While considering the level of efforts involved in warehouse operations, greatest amount of efforts is in the picking process i.e. taking out the products from the pallets or shelves.
Picking waves can be prepared based on type of products or type of customer. This helps in reducing the time by eliminating the need for picking same product multiple times for different customers in case of product based pick waves. This also helps in improving productivity of labor as multiple trips to a storage location is reduced. Depending on the type of industry/product lines, picks can be prepared.
3. Fixed storage location
Normally the product is being put away at a random location in a warehouse when it is received from a supplier. The storage location might have an identification code but still finding it could be a task and would involve lots of efforts while picking. Fixing storage locations for certain products could offer greater advantage in terms of reducing picking time and labor. For example, product A, B and C are one of the fast selling SKUs for the company and gets picked in large quantities daily. By fixing storage locations for these SKUs close to shipping area could improve picking efficiency.
Various grocery retailers’ use fixed slotting to organize their pick lines because of the diverse range of case weights and sizes that needs to be concurrently picked and then palletized.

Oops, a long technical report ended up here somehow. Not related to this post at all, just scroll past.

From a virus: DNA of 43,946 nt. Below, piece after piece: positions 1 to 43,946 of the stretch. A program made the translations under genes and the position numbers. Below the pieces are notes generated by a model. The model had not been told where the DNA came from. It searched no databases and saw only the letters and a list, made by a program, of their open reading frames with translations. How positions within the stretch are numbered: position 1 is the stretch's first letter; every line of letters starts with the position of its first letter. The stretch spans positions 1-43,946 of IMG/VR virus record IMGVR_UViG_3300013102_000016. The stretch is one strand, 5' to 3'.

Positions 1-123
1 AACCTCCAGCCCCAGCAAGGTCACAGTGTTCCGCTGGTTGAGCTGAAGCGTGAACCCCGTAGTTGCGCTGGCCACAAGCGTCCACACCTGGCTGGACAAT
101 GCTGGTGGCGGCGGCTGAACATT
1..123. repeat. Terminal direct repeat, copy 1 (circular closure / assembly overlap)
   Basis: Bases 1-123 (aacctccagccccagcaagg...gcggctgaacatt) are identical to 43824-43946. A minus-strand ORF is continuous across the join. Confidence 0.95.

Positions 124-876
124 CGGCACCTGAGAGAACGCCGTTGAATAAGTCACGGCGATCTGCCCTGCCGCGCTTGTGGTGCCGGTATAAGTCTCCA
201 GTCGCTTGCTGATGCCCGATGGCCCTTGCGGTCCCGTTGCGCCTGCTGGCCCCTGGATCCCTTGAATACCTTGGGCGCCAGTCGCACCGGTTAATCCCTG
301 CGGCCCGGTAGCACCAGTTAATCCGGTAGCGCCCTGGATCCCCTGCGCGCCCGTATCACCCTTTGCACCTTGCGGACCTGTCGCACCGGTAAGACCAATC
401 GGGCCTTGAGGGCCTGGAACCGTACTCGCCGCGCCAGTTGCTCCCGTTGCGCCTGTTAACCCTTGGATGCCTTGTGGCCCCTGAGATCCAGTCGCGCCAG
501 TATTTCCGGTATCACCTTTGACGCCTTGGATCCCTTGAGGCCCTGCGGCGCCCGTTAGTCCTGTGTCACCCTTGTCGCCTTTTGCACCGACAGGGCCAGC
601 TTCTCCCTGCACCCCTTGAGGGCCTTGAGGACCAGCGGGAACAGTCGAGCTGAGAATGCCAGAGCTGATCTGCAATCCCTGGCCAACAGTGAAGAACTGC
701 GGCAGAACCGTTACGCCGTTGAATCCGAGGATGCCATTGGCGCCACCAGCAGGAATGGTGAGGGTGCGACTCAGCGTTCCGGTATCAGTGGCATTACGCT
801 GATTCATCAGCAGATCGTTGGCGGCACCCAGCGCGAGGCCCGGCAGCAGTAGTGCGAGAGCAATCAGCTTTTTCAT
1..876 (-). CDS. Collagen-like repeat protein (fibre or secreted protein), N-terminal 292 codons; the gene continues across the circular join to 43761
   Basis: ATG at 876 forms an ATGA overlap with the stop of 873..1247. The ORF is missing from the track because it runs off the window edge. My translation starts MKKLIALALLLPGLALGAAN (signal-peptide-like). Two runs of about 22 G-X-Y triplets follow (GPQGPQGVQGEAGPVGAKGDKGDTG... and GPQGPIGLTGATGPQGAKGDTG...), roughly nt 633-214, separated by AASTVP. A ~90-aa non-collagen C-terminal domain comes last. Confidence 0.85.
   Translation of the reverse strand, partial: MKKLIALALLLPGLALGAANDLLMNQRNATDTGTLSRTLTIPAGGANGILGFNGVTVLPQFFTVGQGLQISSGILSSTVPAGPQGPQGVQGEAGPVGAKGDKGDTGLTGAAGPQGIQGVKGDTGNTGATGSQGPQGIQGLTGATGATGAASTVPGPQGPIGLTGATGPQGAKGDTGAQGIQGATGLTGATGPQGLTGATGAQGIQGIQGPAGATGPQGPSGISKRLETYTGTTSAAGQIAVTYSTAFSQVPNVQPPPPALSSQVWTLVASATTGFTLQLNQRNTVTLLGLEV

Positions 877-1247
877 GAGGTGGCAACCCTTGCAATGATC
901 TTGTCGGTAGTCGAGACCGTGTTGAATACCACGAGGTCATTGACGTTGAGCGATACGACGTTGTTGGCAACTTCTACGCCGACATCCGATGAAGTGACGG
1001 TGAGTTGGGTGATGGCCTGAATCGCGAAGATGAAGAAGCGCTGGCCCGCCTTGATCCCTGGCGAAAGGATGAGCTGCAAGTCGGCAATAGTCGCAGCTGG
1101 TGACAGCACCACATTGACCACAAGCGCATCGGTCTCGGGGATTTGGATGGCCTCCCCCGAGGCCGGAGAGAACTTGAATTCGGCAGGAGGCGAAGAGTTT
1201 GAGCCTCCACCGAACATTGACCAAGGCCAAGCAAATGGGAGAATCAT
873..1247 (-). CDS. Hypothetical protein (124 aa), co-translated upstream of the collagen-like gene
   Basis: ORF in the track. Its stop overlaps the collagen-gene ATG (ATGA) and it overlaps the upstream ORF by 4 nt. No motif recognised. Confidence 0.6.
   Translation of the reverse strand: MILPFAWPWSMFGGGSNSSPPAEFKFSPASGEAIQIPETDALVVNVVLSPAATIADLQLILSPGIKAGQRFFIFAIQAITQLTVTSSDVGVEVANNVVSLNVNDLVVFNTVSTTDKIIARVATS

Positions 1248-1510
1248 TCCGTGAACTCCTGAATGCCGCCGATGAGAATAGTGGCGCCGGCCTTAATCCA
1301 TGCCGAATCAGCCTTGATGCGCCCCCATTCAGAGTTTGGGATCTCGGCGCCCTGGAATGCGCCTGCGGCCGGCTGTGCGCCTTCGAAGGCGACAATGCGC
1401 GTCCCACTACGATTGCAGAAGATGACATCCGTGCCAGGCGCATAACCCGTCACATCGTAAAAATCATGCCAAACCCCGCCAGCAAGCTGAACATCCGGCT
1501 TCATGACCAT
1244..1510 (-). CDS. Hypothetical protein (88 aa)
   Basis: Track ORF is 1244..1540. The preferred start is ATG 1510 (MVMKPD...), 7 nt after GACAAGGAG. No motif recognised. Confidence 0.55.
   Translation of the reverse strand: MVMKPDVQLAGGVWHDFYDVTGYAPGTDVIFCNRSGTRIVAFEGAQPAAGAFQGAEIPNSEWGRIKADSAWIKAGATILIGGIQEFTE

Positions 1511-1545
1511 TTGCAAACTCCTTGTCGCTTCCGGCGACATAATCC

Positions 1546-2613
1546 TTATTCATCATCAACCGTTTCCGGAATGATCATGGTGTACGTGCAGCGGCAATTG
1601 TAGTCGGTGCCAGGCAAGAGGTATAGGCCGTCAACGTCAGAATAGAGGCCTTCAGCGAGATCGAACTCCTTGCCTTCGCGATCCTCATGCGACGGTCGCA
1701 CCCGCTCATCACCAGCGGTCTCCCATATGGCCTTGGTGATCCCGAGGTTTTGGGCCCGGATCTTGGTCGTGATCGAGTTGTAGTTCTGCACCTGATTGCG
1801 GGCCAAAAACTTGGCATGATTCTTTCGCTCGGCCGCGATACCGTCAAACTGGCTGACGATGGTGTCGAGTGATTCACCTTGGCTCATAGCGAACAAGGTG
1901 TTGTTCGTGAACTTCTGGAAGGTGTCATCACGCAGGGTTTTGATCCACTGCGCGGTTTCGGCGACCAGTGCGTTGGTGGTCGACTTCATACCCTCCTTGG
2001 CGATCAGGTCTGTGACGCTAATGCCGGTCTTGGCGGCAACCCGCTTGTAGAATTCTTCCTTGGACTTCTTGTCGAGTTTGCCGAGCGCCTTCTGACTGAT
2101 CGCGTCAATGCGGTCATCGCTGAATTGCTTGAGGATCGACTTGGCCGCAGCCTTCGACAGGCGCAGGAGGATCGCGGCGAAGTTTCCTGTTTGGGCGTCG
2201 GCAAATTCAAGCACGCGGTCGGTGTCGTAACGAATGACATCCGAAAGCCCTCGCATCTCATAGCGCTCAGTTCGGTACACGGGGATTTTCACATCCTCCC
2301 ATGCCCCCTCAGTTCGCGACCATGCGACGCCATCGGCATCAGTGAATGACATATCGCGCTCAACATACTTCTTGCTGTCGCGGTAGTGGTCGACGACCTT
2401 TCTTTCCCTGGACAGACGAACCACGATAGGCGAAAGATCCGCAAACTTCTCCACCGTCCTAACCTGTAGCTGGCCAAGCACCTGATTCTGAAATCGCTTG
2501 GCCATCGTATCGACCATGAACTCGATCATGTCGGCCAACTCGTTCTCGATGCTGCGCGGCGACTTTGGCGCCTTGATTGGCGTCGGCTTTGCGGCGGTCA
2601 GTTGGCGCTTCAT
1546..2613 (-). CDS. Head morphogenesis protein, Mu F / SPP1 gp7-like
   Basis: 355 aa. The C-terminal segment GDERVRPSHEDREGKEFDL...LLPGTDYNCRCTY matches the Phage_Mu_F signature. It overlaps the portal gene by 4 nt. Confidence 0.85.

4. Cross docking
Cross docking refers to the movement of product within warehouse where the product once received from the suppliers is directly transferred to shipping area for delivery to customer. Cross docking is advantageous in cases where the company deals with much greater variety of products but have limited space in storage. Cross docking can be done for products which are normally fast moving or generally delivered to customer in cases. Cross docking also plays an important role in reverse logistics where products returned by the customers due to various issues such as product recall needs to be sent to supplier. Retailers today are putting great emphasis on increasing the portion of products handled via cross docking rather than storage.
The world's biggest retailer, Wal-Mart, delivers about 85% of its merchandises using a cross-docking system. A survey conducted by The Cross-Docking Trends Reports- 2012 shows an increase of 16.5 percent in the last three years with 68.5 percent of the companies surveyed currently using cross-docking within their supply chains.
5. Cycle Count Program